Understanding your potential career path is important no matter what field you work in — but in a fast-growing, fledgling industry like community? It's crucial.
The road to professional community management has, historically, been winding — and Commsor founder Mac Reddin wasn't joking when he said "accidental Community Manager" almost feels like a required step in any Community Management career in this Twitter thread.
But things are changing. You'll notice in the tweets above that when folks transition into more structured community roles, their progression becomes more linear.
Whether you're on the hunt for a new community role, looking to specialize, climb the ladder, or even hiring, knowing the next steps can be powerful when it comes to growing your career.
Like technical organizations, the community industry tends to recognize a need for many ways of growing and upskilling, regardless of whether or not you want to manage other people.
In reality (especially in community as this field develops) these paths are often quite mixed — you may be mostly an IC, but manage a team of contractors, or a leader who still owns "in the weeds" projects. This largely depends on the size of your organization.
Still, as with any career, working towards leadership will often mean you shift your focus away from your direct discipline and into team management.
As you grow, you may be developing across a few different dimensions:
ICs may grow in specialization or simply seniority.
Common specializations are:
More unique-to-use-case specializations are:
While this still varies depending on company size and resources, the path below is a good rule of thumb.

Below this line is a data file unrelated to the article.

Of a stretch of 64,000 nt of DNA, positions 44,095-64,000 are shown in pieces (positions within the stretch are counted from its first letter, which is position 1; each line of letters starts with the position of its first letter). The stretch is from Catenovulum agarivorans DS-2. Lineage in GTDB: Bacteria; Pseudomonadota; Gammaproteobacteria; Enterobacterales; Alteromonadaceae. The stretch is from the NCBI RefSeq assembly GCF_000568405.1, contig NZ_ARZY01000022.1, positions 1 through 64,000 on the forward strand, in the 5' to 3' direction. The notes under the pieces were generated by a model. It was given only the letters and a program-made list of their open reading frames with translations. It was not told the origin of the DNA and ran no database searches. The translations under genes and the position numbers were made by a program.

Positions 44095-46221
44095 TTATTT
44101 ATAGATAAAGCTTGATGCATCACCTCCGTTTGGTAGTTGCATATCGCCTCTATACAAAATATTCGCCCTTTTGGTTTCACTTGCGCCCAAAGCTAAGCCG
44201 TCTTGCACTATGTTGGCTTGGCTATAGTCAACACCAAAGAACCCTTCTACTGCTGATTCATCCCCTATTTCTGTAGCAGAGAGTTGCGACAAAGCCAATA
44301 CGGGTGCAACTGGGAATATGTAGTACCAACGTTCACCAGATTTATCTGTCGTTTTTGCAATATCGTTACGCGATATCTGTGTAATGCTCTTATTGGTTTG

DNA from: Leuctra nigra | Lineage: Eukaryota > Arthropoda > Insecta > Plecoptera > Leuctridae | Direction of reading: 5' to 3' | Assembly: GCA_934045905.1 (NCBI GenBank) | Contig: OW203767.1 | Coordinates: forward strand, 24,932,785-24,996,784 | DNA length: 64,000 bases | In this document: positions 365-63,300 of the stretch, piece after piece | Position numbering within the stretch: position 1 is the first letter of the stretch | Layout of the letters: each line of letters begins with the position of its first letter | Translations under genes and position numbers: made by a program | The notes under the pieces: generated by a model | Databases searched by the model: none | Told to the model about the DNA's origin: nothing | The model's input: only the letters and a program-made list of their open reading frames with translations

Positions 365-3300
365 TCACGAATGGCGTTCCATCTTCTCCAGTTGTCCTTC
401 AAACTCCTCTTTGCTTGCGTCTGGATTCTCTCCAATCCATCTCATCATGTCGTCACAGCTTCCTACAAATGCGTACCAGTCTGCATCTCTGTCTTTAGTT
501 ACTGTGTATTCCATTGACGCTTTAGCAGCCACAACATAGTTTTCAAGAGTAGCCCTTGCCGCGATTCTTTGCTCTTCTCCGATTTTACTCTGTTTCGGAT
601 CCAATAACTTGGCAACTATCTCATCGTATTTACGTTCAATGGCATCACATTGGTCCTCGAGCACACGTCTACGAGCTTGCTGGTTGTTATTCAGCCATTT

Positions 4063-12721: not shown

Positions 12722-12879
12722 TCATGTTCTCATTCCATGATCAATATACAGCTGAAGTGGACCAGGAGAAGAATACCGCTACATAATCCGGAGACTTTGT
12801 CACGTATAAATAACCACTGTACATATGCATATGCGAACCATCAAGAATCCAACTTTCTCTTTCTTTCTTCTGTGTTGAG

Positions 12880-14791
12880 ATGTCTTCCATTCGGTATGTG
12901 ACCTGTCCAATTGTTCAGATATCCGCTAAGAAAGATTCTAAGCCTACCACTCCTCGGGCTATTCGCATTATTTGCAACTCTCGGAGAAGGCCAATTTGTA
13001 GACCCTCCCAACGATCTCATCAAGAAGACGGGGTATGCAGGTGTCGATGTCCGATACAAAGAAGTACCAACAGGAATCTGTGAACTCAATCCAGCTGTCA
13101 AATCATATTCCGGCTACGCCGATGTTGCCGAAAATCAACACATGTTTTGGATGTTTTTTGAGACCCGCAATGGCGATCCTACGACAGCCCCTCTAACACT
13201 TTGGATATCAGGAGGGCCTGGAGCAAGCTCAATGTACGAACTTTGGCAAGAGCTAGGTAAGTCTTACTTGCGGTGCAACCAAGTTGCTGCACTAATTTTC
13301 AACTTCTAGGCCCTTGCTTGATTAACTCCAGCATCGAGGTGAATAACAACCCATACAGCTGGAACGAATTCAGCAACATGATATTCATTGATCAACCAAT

Be explicit with your manager that you would like to grow your skills, specialization, or responsibilities, but don't want to become a people manager, if this is the case. It's also important to ask for high-impact, high-visibility projects and develop leadership skills in how you collaborate with other teams, even if you're not developing a leadership skill as a people manager.
Don't be a machine. A common trap for ICs (especially in community) is to think that executing lots of projects at once will help you grow — this can backfire. Aim to strategically work on the things with the highest impact, and visibly say no to things that don't. Being seen as strategic, rather than an executor, can be more effective for growth.
Developing along the leadership path will generally require you to reach a certain level of experience and seniority as an IC, first.
Along the leadership path, expect to work less on day-to-day program execution, and more on developing and up-skilling other team members and positioning your team and strategy within the larger organization.
It's worth noting that, especially at steps 3, 4, and 5, not every company will have this granularity of leveling, and this will very rarely be a clear, pre-defined career path. The highest level available within community may speak more to how much the company is willing to value community than your personal growth potential.
A common problem that community leaders have is transitioning away from the "in-the-weeds" work to more high-level, strategic work. While it's important to keep a foot on the ground and make sure you have an understanding of the job of those you manage, learning this balance can be what makes a great leader in the community world.
The above is one of the concepts we unpack in C School, our 12-week Community Manager program. In this hands-on course, we offer education, mentorship, and independent practice — everything you need to land a full-time job in community.
If you’re interested in applying for a C School cohort, apply here if you’re looking for your first job in community. If you're already a CM, apply here. We've also launched a course to help experienced CMs transition into leadership roles. You can find out more here.
These are rolling applications, so you can apply now even if you want to participate in the future.
You can also email questions to firstname.lastname@example.org. This program was built to help community folks break into this field and make their start in a way that enables long-term growth. If it's up your alley, we can't wait to hear from you.